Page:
It was at Rocky Creek Station that TLM-P formed a friendship with the celebrated explorer Ludwig Leichhardt.24) He later recollected that 'poor Leichhardt [went] with me on my road to take possession of my first station, Rosewood.'25) Leichhardt and TLM-P both needed the protection of extra men as they had to travel through land heavily defended by its Aboriginal owners.26) For more on TLM-P's friendship with the German explorer, click on Leichhardt.

Rocky Street Station was a testing place for a young, relatively inexperienced manager. It was at the centre of violent conflict between the settlers and the indigenous owners: there had been an Aboriginal attack on nearby Terry Hie Hie station with the revenge massacre of hundreds of Aboriginal people at Waterloo Creek. It was also in the vicinity of Myall Creek station where, in 1838, armed stockmen and a squatter's son murdered 28 defenceless Aboriginal people. Myall Creek had led to widespread white outrage when the attackers, other than the well-connected leader, faced criminal charges and some were hung.27)


In 1843, four years after his arrival in the colony, TLM-P optimistically judged he had enough money to lease and stock a property: Rosewood at Moreton Bay (between present day Ipswich and Laidley, located 'at the junction of Lockyer and Laidley Creeks'.28) TLM-P bought the lease from Dr John Goodwin (c1800-59).29)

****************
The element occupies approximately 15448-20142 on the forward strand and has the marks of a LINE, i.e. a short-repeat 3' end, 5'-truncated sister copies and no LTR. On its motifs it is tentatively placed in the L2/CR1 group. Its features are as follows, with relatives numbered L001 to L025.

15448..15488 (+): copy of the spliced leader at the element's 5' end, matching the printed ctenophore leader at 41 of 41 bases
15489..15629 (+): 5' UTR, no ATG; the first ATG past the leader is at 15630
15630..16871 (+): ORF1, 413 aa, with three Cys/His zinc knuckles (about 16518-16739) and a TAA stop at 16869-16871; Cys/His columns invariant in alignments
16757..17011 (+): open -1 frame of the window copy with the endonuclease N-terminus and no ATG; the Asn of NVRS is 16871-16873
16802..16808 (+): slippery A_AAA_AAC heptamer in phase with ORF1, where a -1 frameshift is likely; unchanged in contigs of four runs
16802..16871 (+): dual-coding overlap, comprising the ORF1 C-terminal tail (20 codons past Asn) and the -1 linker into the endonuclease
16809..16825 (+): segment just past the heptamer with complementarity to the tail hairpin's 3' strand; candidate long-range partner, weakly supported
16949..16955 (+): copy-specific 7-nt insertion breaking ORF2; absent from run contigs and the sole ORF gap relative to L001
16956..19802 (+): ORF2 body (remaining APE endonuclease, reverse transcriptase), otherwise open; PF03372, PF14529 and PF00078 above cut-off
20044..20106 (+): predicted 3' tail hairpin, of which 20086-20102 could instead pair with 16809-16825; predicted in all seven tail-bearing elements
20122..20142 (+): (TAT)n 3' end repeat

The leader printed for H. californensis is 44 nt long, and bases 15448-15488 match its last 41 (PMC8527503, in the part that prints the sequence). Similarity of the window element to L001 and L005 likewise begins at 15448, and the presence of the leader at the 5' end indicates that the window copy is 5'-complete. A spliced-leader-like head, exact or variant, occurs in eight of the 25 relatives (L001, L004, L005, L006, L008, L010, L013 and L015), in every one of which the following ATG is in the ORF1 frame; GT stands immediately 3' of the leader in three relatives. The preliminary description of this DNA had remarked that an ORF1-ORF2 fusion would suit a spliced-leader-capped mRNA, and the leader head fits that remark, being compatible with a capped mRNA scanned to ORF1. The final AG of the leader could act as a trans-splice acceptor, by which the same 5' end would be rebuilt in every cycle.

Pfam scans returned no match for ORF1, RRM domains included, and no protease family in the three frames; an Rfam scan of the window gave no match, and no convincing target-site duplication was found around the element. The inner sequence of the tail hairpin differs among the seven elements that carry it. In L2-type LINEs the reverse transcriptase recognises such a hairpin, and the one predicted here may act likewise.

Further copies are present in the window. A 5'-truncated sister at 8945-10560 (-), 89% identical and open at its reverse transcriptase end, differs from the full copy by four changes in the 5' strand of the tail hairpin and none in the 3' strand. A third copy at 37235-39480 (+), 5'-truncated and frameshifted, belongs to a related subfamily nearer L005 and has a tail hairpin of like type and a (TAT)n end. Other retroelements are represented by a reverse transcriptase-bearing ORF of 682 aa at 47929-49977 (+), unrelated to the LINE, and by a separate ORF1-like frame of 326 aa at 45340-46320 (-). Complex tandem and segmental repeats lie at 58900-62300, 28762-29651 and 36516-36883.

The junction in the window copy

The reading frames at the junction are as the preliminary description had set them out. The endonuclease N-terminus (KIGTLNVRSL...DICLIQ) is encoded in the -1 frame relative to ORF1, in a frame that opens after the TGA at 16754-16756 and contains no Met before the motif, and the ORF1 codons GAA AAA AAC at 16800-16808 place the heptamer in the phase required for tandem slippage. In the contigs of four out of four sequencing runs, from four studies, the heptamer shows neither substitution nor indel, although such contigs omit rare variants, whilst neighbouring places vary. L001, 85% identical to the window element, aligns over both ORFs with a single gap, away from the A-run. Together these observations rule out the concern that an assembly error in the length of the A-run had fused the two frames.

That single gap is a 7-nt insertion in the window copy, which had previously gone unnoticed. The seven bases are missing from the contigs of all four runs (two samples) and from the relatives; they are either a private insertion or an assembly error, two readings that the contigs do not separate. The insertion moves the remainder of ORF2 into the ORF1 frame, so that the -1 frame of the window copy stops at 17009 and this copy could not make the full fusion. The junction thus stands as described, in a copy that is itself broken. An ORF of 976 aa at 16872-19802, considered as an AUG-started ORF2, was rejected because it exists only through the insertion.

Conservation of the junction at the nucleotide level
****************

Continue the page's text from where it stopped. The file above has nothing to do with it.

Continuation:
As Patricia Clarke points out, TLM-P stuck out on his own in largely uncharted country for Europeans, 'just three years after Patrick Leslie and his brothers had begun the wave of squatter settlement on the Darling Downs'.30) It appears that TLM-P was overly optimistic about the capital needed to run a station, as he soon left Rosewood. When he wrote to the Ludwig Leichhardt in September 1843, he mentioned that he intended 'selling my station and believe I have already got a purchaser'. He had stocked it with sheep and horses.31) TLM-P still saw opportunity to the north of what was then the colony of NSW. From his time at Rosewood onwards, TLM-P lived in what became, from 6 June 1859, the colony of Queensland. It was very much a frontier settlement attracting settlers like him with military experience. Moreton Bay had just ceased to be a penal colony, so had no new convicts, but a significant proportion of the small white population remained 'unfree'. It is estimated that in 1846, 15 per cent of the population of County of Stanley (which included the major centres of Brisbane and Ipswich) were convicts.32)